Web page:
• Word salad. The way you tell if a revolution is in track is to look at relative growth rates and price trends. Wind, solar, and EV batteries – the three key technologies – are firmly on track. As for companies, some win, others lose, both on the incumbent side and the innovation side – though overall incumbents lose out to innovstors. It was like that in railroads, electricity, computers, telecommunications, you name it.

  • OK can you at least be honest. Why would you parrot coals/oils talking point on cost, without including. FF is cheaper because of a licence to pollute and kill, and massive government support. Until this changes RE is working at a cost disadvantage. Harvard puts the cost of coal electric in USA at 3x-5x it’s current rate if you just include the health impact. That need to be reflected in the cost so that the market can do the correct adjustment.

    • We are also talking about comparing already paid for coal plants output to not yet built renewables. The only fossil plants being built are gas.

    • Good point. Thanks Matt. Pricing in the externalities of fossil fuels would be a game changer, too. But do you see that happening anytime soon?

      • We all need to pound the facts into people when we get the opportunity.

        Conservatives put lowering government spending high on their list. As we reduce fossil fuel use we cut government spending on health costs related to coal and oil.

        Also, as we reduce our dependency on oil we lower the need to keep a military presence in the Middle Eastern oil area. We could cut military spending as well.

        Parents care a lot about their children’s health. The external cost of oil and coal includes the cost of their children being sick.

        Find other messages. Ways in which the external costs impact different groups of people. Make them aware how the external costs take money out of their pockets. Doing so you start building the awareness needed for the general public to start requesting things like carbon prices.

        Do coal plants lower property values?

        Does exposure to car pollution decrease business on busy streets?

        Is coal pollution causing people to have to repaint their houses more frequently?

        I don’t know the answers to those questions but they might be worth researching. More arrows for the quiver….

        • Thank you Bob.
          Those questions need answering.
          Past financial paradigms have to change to benefit the rate payer and his/her monthly bill.
          The net metering wars are social battles.
          We bailed out the too big to fail.
          How bought someone allowing the working and middles class to invest in themselves.
          Avoided costs to monopolies need to be quantified.

      • The externalities and avoided costs are not being figured for the benefit of the ratepayer.
        Thank you for making that point. The only consideration continues to be ROI for the investors.
        Ratepayers are as much a partner as is the initial investor.
        No business is sustainable without a customer.

  • You want a “Business Models For The Energy Future”?

    RE has upfront infrastructure costs and then you harvest free energy with minimal maintenance costs. For many decades after the capital cost is recouped.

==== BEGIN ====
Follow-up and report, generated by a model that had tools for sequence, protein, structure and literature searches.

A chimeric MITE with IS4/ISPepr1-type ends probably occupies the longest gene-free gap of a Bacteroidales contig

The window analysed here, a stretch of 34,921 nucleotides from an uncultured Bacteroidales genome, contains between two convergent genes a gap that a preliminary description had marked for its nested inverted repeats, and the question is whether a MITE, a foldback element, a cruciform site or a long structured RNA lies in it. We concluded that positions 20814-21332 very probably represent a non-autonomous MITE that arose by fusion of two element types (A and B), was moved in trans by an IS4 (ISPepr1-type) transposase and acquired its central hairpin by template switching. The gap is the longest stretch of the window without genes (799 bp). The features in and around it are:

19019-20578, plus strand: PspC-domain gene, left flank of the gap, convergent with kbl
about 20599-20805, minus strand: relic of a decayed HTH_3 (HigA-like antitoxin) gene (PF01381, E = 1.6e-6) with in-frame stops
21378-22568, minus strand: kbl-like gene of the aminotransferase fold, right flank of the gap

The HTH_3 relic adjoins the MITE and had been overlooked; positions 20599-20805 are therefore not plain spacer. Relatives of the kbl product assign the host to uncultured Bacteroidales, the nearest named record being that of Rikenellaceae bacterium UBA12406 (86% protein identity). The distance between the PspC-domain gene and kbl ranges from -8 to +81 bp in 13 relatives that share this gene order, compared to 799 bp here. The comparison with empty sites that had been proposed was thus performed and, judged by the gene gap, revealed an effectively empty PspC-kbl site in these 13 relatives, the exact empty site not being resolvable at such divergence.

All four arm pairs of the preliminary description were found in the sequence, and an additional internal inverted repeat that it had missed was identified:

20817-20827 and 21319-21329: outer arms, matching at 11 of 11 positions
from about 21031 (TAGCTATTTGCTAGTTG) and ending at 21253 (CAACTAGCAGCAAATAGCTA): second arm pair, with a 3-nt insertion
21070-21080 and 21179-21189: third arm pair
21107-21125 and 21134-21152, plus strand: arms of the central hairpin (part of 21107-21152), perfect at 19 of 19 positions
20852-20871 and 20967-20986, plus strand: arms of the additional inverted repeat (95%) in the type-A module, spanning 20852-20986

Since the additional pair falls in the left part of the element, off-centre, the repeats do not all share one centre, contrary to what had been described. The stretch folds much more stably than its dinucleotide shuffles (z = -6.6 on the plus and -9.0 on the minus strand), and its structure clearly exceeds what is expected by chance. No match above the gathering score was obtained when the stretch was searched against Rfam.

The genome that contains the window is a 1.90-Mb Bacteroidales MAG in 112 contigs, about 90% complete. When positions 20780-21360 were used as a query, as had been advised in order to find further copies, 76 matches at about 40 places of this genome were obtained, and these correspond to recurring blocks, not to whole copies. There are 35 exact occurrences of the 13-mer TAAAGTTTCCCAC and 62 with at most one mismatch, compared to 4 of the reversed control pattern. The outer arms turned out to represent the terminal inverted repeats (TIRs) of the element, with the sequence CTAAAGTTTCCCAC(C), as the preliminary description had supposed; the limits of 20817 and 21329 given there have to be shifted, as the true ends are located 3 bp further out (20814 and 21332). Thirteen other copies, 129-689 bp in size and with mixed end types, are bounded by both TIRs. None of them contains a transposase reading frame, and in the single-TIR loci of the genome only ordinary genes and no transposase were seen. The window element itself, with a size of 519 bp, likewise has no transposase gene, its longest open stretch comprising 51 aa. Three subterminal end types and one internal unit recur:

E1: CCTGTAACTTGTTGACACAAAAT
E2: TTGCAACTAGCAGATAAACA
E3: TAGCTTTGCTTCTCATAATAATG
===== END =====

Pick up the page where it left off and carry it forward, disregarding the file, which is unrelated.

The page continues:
You think people are going to want to pay through the nose for energy that is essentially free? How can this not all lead inexorably to a publicly-owned non profit utility that eventually stops sending out usage bills and gets absorbed into basic governmental overhead, like a Police, Fire, or Parks department or a Bureau of Standards, the USDA, or the CDC?

    • Bingo Roger.
      Society benefits.
      What a concept.

  • “Apple’s market cap is now larger than General Electric, Wal-Mart,
    General Motors and McDonald’s combined. If you add up the market caps of
    these four behemoths, you still have $30 billion left over, when
    comparing them to Apple.”
    So Apple has now entered the electric car market as well.

    The phrase in the article I most like was “existential threat”. Nice. The carbon dinosaurs don’t want to die. And apparently the humans on the planet don’t want to die either. And there is a nice crossover between the people who work for the dinosaurs and the people who live on the planet. Talk about an existential dilemma.

  • The U.S. supreme court’s ruling in support of compensating consumers for using Demand Response technology seems to bode well for energy storage business models. Water heaters and air conditioning are more often used as examples when talking about demand response, but battery energy storage seems to fall squarely under the definition of peak shifting demand response technology. Offering batteries to residential and commercial interests with shared access for utilities, or possibly a third party “new business model” decentralized microgrid, could be a game changer.


    I’ve recently begun working as a solar installer and part time sale associate for a local installation company in Illinois. For business’s and homeowners who are interested in batteries, I would like to have options to lease or finance a battery system, with a form of compensation through either a real time pricing net metering type of energy market or a payment system giving the utility access to distributed energy storage.

    Any thoughts or recent news on the Vermont pilot project is appreciated 🙂

  • The business model for the renewable energy future is completely different from the fossil fuel business model. So different, actually, that to refer to both of them as “energy” businesses is misleading and confusing.

    The old model is a FUEL business, based on finding, extracting, processing, transporting, selling and burning a limited, increasingly scarce and costly supply of FUEL.

    The new model doesn’t have anything to do with FUEL, in fact it makes fuel obsolete because the energy sources are free, abundant, ubiquitous and inexhaustible. Instead, it is a TECHNOLOGY business, based on developing, manufacturing and selling the rapidly improving, and increasingly cheap, TECHNOLOGY for harvesting and storing that free energy.

    It’s a business model that looks a lot more like the computer, telecommunications, networking and consumer electronics industries than the fossil fuel industry.

    • Nice points. The FF business model is 19th Century but it’s attraction is that it puts the power, literally and figuratively, in the hands of a few. RE is distributed and helps make individuals and communities resilient and self-sufficient.

  • I think John Karry is foreign fairs minister not vice president.

    • Correct. John Kerry is Secretary of State (the equivalent of Foreign Affairs Minister in other countries). Joe Biden is Vice President.

  • It’s true that it’s very hard to invest in sectors like solar, because the “winner” companies may be ones which don’t exist yet; the existing pioneer companies may go bust and lose all their stockholders’ money even if their products take over. (Consider A123.) This seems to be the main point of the article.